San Jacinto grads ‘Shoot the Moon’

City and county dignitaries sing the praises of SJHS’ accomplished Class of 2017 under a beautiful full moon

Photo by Corey Evan/The Valley Chronicle
SJHS graduates celebrated commencement in early June, receiving praise from local and county dignitaries for academically “shooting the moon.”

■ Corey Evan / Reporter

In card games, to “shoot the moon” means taking your opponents for a ride. In school, to “shoot the moon” means outdoing the accomplishments of all who came before you. San Jacinto High School’s graduates did just that, according to school staff and local dignitaries.
Those 447 graduates took to Tiger Stadium on June 8, before a sold-out crowd which hardly had any elbow room but plenty of love to show their grads. Also there to show their love was a group of kindergarteners, a new graduation tradition in San Jacinto which started last year. This year’s featured kindergarten class came from Edward Hyatt Elementary, representing the SJHS Class of 2029. It’s amazing how quick they grow up, isn’t it?
Even the moon showed its love for San Jacinto, as the full moon just happened to light up the night sky that evening. But before the grads made their walk, here’s what officials had to say about these accomplished new adults:
ASB President Summer Helms reminded her fellow graduates to learn, remember and live: “Our fear should not be failure or anything along the lines of this; our fear should be complacency. We should fear the ‘comfort’ of settling for less than we deserve.”
As his first graduating class, Principal Luke Smith reminisced on meeting this class three years ago: “I have watched you go through the classes, the homework, the exams, the senior projects, the time spent in community service. I’ve seen the differences you’ve made on campus through clubs and building your sense of pride through athletics. You have all come through San Jacinto High School with a rich experience that we’ll look back on as the time that you laid the foundation on for a successful future.”

Photo by Corey Evan/The Valley Chronicle
Left to Right: Valedictorian Angela Acosta, Salutatorian Anneka Jacynth Manzano, and Historian Katia Talamantez.

Riverside County Superintendent of Schools Dr. Judy D. White was also overjoyed for one of the most accomplished classes in the county, according to her office: “There are 33,699 graduates in Riverside County, but the most important ones are you. I believe in you because you have grit.”
San Jacinto Mayor Scott Miller’s excitement was on full display as he expressed his joy for his fair city’s grads, even as he took care of business (taking selfies with the class): “Whenever there’s a battle between a Tiger and a Bulldog, guess who’s gonna win that fight! So if you’re here tonight from ‘Bulldog Country’, we love you… BUT who has the bell?” The victory bell, by the way, was proudly on display before the crowd.
The SJHS choir then took the stage and did a riff on a Walk The Moon hit song, calling it “Get Up and Dance,” to recognize all the hard work these grads had to get up and dance about.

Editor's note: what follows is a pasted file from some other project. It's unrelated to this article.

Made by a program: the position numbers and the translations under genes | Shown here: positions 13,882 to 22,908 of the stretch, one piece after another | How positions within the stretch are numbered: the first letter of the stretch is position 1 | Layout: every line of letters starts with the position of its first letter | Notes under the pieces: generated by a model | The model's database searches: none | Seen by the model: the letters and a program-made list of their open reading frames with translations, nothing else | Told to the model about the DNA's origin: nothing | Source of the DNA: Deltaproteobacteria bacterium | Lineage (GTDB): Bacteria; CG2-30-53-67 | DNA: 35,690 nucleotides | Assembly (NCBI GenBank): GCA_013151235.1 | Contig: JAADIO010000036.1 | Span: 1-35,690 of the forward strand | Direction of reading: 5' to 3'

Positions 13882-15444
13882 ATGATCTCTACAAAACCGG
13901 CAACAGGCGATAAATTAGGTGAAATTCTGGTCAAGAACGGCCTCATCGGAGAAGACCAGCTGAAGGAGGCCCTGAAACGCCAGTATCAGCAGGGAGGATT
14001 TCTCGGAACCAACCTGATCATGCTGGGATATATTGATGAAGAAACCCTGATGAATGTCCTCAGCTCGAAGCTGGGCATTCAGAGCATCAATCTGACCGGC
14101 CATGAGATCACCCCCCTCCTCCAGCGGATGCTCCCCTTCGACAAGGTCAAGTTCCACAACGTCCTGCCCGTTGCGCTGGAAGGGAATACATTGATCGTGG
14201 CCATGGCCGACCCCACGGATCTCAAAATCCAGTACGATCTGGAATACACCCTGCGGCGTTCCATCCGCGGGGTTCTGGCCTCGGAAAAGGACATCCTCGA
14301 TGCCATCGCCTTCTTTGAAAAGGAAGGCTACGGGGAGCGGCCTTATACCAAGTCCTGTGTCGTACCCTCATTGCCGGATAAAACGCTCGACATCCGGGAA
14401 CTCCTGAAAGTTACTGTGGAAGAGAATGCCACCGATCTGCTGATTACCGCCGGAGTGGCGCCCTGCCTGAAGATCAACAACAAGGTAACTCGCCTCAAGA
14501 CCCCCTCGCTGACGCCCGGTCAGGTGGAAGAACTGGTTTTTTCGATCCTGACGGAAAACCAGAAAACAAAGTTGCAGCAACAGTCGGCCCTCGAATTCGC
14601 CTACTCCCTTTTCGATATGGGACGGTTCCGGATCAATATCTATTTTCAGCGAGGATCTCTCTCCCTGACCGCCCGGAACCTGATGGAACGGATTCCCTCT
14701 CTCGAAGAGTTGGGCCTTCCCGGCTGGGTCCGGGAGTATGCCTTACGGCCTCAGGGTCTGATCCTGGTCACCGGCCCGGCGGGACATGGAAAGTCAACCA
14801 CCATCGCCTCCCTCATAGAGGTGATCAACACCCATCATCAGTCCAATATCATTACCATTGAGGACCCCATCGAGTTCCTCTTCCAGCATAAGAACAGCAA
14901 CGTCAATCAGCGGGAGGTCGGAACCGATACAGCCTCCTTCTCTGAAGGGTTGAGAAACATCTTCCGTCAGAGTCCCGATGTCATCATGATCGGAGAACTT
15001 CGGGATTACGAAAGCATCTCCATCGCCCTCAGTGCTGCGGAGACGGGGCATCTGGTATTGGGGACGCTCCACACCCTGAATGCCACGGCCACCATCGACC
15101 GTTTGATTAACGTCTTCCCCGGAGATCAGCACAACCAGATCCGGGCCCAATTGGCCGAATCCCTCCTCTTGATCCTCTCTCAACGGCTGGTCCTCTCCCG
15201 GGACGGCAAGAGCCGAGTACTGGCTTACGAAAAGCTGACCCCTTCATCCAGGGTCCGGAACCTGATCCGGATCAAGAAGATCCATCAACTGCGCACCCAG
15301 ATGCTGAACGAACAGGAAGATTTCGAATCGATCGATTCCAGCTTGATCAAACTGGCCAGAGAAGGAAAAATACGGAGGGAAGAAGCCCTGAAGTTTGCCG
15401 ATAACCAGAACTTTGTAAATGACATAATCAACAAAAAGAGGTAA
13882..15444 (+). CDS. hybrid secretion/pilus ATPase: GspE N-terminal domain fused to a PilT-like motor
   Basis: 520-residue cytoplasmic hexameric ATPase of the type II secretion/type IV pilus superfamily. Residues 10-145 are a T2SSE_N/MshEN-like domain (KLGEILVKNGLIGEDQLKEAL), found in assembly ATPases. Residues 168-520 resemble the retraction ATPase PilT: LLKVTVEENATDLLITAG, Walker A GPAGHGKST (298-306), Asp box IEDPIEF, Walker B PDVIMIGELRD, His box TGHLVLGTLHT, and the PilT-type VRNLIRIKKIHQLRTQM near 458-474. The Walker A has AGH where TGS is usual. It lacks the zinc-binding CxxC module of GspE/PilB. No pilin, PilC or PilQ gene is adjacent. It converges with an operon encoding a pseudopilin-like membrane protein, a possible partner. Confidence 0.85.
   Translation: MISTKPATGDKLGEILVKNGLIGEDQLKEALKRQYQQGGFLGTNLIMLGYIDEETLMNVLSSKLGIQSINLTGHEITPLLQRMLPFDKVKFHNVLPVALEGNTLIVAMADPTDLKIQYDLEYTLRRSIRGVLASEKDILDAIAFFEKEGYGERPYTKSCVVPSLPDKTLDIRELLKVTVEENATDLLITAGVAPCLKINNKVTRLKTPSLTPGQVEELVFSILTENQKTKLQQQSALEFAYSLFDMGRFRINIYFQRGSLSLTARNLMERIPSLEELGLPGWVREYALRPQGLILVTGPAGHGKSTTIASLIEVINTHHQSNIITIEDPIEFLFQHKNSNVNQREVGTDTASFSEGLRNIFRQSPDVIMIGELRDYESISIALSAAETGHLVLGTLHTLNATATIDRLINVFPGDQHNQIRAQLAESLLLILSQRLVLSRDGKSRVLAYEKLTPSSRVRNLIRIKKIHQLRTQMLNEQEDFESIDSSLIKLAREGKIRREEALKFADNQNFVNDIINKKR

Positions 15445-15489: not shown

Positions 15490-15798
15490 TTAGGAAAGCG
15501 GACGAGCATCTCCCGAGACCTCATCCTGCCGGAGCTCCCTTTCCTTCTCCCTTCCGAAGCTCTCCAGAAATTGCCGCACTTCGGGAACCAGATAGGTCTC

Class Historian Katia Talamantez asked classmates to look at this page of SJHS history like this: “If there’s anything that high school has truly taught us, besides academics, it’s that failure is inevitable and necessary for future success. We are imperfect humans that make mistakes and there’s no way around that.”
Salutatorian Anneka Jacynth Manzano passed along this bit of advice from her mother: “Remember your limitations; she told me this as a reminder to always be aware of our situation and our capabilities. And as a reminder that there’s always a way to make an opportunity and to create our own chance to accomplish what we desire.”
Valedictorian Angela Acosta, who was among Record Elementary’s first kindergarteners 13 years ago, reminded classmates that although now independent adults, they still will depend on others along the way: “Through both your successes and your failures, you need people to support you and help you bounce back.”
Before accepting Smith’s certification of the Class of 2017, SJUSD superintendent Diane Perez had this to say to the class she first met 13 years ago, when she first got hired at SJUSD: “As a district counselor, I was with many of you on day one. Flash forward to today, and you continue to be so remarkable!”
Perez cited, among many stats Smith cited, the $4.1 million in scholarships the grads earned (twice what last year’s class earned) SJHS’ low dropout rate and having the 9th highest graduation rate in Riverside County, and a bronze medal awarded SJHS by U.S. News and World Report.
Once these 447 graduates took to the stage to collect their accolades, which they did at breakneck speed, the “S” lit up on the north mountain to close out the evening and signal these grads to toss their hats. As the grads departed to celebrate their good times, the sounds of Kool and the Gang and the clangs of the coveted victory bell filled Tiger Stadium as traffic filled the neighborhood.
Congratulations Class of 2017! And remember, life IS a game: You must play to win, always. Don’t let small defeats stop you as you play on.

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